Graduation Year

2016

Document Type

Dissertation

Degree

Ph.D.

Degree Name

Doctor of Philosophy (Ph.D.)

Degree Granting Department

Anthropology

Major Professor

Antoinette Jackson, Ph.D.

Committee Member

Jacqueline Messing, Ph.D.

Committee Member

Angela Stuesse, Ph.D.

Committee Member

Camilla Vasquez, Ph.D.

Committee Member

Tara Deubel, Ph.D.

Keywords

Language Ideologies, Education, Race, Ethnicity, Migration

Abstract

Using an applied anthropological approach focused on language, this study investigates the relationship between linguistic, racial, and ethnic identities and school resource access in the context of migration. This project examines how these identities are established, experienced, reified, and resisted by various school actors. Exposing power at its roots through a multi-level analysis, this research informs on how people negotiate socialization into particular identities, propelling them toward positions in school and society of varying opportunity.

Focused on two elementary schools in a central Florida county that has been and is undergoing demographic changes, this work offers applications for educational institutions dealing with migration. One school’s orientation to meeting needs of non-English speaking students significantly impacts its ability to reach and form relationships with parents and improve the educational outcomes for children. The second school’s culturally responsivity makes it possible to meet higher expectations. At both schools, there is a disconnect between how the school and state think about people and how those people think about themselves, which erases groups and raises questions about how well students from those groups are served.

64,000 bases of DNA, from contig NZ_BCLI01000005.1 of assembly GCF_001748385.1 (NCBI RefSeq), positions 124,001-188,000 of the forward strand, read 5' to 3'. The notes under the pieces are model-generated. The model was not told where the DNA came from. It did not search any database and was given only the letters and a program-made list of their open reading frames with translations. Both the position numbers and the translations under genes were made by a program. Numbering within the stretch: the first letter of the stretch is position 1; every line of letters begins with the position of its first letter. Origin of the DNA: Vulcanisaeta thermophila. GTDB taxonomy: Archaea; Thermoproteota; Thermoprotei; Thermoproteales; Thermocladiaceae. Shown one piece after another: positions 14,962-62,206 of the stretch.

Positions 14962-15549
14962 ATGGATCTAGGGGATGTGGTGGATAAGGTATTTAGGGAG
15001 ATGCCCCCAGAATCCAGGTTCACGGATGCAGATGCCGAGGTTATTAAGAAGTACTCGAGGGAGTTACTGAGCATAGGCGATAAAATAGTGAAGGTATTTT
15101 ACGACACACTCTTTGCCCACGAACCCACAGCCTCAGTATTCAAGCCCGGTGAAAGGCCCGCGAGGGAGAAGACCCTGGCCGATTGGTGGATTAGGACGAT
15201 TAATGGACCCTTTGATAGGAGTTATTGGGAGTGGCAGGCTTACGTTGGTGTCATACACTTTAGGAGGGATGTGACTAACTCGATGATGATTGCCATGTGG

While the ideologies promoted in dominant society are constraining, struggles and resistance do impact and reorganize the system. This study provides recommendations for the research site and similar schools to address linguistic, racial, and ethnic educational inequity. For instance, this project emphasizes the need to provide linguistically appropriate school-home communication. It also offers a means for the schools and state to better serve students by understanding the nuances of identity through more appropriate measures of race and ethnicity.